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Councils could be at forefront of ‘Bitcoin government’



Distributed ledger technology could change the shape of public services, the Government’s chief scientific adviser reports

Local authorities should be in the forefront of creating secure but decentralised information systems based on the technology underpinning the Bitcoin digital currency, the government’s chief scientific adviser has said.

In a landmark report proposing a future role for distributed ledger technology, Mark Walport has told ministers that systems based on cryptographic block chains ‘have the potential to help governments to collect taxes, deliver benefits, issue passports, record land registries, assure the supply chain of goods and generally assure the integrity of government records and services’.

A distributed ledger is an database of assets - usually financial or legal data - shared across a group of users and secured by cryptography. All members of the network have an identical copy, with any updates communicated in seconds. It relies on a tamper-proof chain of encryption known as a block chain.

Because many parties have a copy of the ledger and many parties can verify every record, a shared ledger has a high degree of transparency and very difficult for an attacker to compromise. A regulator or an independent body such as the judiciary can tell with confidence that the contents of a database have not been modified in a fraudulent way. Almost any information that exists on paper today could exist on a shared ledger.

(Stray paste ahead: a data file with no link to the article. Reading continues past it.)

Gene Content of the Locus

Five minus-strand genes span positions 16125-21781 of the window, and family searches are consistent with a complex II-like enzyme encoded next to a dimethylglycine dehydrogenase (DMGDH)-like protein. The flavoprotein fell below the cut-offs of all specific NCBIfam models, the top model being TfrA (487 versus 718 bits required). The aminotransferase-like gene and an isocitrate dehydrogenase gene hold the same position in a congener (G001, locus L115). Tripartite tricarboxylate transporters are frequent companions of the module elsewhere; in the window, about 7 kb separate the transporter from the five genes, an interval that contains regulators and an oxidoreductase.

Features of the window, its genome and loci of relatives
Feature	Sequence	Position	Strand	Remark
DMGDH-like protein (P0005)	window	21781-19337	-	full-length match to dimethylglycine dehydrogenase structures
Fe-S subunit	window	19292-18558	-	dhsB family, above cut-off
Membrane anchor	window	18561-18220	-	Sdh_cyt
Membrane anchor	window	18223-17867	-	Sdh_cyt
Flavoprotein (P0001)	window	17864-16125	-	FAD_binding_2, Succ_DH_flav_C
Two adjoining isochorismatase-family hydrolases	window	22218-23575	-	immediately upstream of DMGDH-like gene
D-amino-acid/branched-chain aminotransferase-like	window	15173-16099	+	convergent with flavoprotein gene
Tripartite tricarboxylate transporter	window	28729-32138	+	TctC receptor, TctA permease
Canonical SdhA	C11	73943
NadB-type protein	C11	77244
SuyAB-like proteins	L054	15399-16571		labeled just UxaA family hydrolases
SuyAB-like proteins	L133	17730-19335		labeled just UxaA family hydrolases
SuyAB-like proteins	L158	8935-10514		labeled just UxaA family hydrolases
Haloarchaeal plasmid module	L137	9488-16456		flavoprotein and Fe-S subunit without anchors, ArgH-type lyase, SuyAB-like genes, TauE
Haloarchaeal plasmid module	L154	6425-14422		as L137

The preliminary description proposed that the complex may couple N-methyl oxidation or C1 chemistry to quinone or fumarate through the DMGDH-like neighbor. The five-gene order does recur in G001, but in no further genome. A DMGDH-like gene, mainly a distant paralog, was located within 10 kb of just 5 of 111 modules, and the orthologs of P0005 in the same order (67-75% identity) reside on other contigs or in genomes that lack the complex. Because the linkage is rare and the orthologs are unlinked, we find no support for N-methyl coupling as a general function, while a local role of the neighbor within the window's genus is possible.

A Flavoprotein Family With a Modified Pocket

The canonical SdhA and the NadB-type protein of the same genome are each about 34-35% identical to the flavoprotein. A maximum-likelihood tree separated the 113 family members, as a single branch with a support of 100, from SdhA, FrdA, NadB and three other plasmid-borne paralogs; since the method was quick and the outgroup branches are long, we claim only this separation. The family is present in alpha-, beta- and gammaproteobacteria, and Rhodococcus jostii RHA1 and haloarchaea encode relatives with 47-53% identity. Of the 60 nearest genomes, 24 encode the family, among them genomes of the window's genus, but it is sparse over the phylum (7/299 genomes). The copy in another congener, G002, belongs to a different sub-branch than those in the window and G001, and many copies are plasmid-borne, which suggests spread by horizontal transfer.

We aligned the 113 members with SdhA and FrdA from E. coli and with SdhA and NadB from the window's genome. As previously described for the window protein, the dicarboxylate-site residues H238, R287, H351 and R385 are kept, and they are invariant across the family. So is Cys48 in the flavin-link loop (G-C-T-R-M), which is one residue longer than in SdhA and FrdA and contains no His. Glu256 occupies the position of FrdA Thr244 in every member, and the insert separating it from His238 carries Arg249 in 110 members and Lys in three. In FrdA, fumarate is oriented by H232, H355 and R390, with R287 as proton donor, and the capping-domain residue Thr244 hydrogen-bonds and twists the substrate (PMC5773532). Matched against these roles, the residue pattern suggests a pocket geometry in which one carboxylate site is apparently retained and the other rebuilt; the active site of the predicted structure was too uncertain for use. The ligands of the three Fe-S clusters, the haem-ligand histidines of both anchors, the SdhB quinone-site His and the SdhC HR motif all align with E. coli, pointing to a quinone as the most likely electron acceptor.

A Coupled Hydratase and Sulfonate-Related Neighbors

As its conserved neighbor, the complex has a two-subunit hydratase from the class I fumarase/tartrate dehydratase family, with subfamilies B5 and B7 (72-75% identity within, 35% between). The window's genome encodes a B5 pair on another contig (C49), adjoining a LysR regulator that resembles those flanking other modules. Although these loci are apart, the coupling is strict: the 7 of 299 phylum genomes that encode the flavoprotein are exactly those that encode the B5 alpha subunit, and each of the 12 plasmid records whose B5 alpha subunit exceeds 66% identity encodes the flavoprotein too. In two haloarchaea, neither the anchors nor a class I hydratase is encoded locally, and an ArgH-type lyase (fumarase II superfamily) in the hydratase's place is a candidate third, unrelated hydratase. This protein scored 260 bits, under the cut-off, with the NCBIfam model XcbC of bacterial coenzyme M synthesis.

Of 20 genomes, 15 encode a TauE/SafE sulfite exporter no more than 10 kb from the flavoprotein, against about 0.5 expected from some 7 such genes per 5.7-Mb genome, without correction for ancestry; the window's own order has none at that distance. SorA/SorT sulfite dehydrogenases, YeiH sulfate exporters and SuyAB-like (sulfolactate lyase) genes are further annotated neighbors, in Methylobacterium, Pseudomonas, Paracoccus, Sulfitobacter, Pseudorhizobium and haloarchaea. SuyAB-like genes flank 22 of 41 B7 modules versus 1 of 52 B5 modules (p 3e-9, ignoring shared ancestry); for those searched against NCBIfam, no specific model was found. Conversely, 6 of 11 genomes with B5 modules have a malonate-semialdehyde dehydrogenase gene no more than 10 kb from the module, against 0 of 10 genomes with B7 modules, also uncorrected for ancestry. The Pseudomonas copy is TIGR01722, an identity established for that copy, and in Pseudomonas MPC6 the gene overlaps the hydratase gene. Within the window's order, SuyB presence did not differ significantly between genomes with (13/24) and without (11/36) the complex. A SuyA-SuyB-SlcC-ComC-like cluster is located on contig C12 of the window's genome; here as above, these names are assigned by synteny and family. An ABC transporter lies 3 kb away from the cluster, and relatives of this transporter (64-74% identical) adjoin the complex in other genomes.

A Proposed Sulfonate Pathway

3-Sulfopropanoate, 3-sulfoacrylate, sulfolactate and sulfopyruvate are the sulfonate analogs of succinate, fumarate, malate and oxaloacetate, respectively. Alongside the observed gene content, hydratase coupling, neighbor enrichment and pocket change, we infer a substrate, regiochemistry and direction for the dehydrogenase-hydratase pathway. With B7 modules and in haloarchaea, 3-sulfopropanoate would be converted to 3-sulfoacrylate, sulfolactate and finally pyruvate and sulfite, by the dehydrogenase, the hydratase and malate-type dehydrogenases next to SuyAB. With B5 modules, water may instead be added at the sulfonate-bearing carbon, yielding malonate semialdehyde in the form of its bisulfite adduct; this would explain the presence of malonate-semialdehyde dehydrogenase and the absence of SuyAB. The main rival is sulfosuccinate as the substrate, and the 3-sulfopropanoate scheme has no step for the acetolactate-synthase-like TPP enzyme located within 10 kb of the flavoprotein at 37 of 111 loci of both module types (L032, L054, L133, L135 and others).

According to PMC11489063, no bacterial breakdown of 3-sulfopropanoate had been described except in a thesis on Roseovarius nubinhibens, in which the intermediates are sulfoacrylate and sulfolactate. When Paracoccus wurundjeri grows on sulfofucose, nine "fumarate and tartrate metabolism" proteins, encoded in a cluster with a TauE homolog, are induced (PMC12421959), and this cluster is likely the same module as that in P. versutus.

Sharing potential

In his report, Walport stresses the potential of distributed ledgers in sharing health records and allowing people without bank accounts to enrol securely in services such as Universal Credit.

However, the report also hints at the technology’s potential to enable more fundamental changes in public services. Here, a model is the “unpermissioned” ledger supporting Bitcoin, which has no single owner such as a central issuing bank.

Without the need for a third party to oversee security, the report ventures: “it is possible to envision a future where this technology creates a form of ‘glass government’ that is more accountable to the citizen.” This could be demonstrated at a local, or at least a city, level.


It goes on to recommend that the Government:

  • Provide leadership through the Government Digital Service as a user of distributed ledgers.
  • Invest in research to ensure that distributed ledgers are scalable, secure and provide proof of correctness.
  • Support the creation of distributed ledger demonstrators for local government. "A demonstrator at a city level could provide important opportunities for trialling and implementing distributed ledger technologies," it says.
  • Consider how to put in place a regulatory framework for distributed ledger technology. The Department for Culture, Media and Sport Digital Economy Unit could take ownership.
  • Work with academia and industry to create standards, along with identification and authentication protocols.
  • Build capability and skills by setting up a cross-government community of interest.

Despite the enthusiasm - endorsed by Cabinet Office Minister Matthew Hancock and Digital Economy Minister Ed Vaizey, the report sounds a note of caution.

Walport says: “It is important to stress that these technologies are very early in their development and there are unresolved problems to tackle before these applications can be released, including issues of privacy, performance and scalability.”


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